But probably the most common formative experience is one that Wendy Abrams of Highland Park, Ill., underwent six years ago, as she was reading an article about global climate change over the next century; she looked up from her magazine and saw her four children, who will be alive for most of it. That was the year the hybrid Prius went on sale in the United States, and she bought one as soon as she could. This reflects what Pope describes as a refocusing of environmental concern from issues like safe drinking water, which were local and concrete, to climate change, which is global and abstract. Or so it was, anyway, until it came crashing into New Orleans last summer with the force of a million tons of reprints from The Journal of Climate. Katrina, says Pope, “changed people’s perceptions of what was at stake”—even though no one can prove that the hurricane was directly caused by global warming.
All over America, a post-Katrina future is taking shape under the banner of “sustainability.” Architects vie to create the most sustainable skyscrapers. The current champion in Manhattan appears to be Norman Foster’s futuristic headquarters for the Hearst Corp., lit to its innermost depths by God’s own high-efficiency light source, the sun. The building’s “destination dispatch” elevators require passengers to enter their floor at a kiosk, where a screen directs them to a cab, grouping them to wring the last watt of efficiency from their 30-second trips. But it is expected to be challenged soon in Manhattan by a new Bank of America tower, designed by Cook & Fox, which takes “sustainability” to a point just short of growing its own food. Every drop of rain that falls on its roof will be captured for use; scraps from the cafeteria will be fermented in the building to produce methane as a supplementary fuel for a generator intended to produce more than half the building’s electricity; the waste heat from the generator will both warm the offices and power a refrigeration plant to cool them.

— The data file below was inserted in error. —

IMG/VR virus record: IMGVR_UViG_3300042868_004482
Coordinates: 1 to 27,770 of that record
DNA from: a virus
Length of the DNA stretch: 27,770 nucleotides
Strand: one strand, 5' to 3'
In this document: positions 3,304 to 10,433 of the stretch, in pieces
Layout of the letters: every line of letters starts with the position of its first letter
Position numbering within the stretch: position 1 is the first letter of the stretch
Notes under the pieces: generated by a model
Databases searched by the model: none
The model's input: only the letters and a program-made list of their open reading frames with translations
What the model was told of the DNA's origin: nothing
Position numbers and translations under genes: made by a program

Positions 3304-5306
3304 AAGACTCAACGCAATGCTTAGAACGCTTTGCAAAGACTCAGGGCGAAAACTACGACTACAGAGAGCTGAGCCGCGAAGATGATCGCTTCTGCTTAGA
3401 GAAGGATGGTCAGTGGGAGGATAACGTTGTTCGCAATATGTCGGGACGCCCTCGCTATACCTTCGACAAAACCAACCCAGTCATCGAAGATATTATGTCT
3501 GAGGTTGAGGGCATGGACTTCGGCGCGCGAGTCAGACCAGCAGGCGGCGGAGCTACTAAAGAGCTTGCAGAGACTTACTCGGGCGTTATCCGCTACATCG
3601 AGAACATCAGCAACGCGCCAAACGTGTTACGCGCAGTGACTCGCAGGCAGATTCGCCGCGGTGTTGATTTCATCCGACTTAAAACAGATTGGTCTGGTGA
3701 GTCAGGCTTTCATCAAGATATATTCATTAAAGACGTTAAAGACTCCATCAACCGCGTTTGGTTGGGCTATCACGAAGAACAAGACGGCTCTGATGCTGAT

Far away in Traverse City, Mich., a resort town four hours north of Detroit, home builder Lawrence Kinney wrestles with a different problem, people who want 6,000-square-foot vacation houses they will use only a couple of weeks a year. Outraged by the waste, he refuses to build them. His preferred size is about 1,800 square feet, 25 percent smaller than the national average; he has rediscovered the virtues of plaster walls instead of resource-intensive drywall, uses lumber harvested locally by horse-drawn teams and treats his wood with stains made from plants, not petroleum. When Jeff Martin, a program manager for Microsoft, set out to build a sustainable house near Charlotte, N.C., he specified something that looked like a house, not “a yurt, or a spaceship, or something made out of recycled cans and tires in the middle of the desert.” He turned to Steven Strong, a Massachusetts-based renewable-energy consultant who says he “fell in love” with solar energy when he realized that “you could put a thin sliver of silicon, with no moving parts and no waste, in the sun and generate electricity forever.” Strong designed an unobtrusive solar-cell array on the roof of Martin’s conventional stucco-and-stone house to provide free electricity, and a sun-powered heater that produces so much hot water Martin can use it to wash his driveway. “We never run out,” Martin boasts, “even when my wife’s family comes to visit over Christmas.”
From the July 17, 2006 issue. Read the full story at: http://www.msnbc.msn.com/id/13768213/site/newsweek/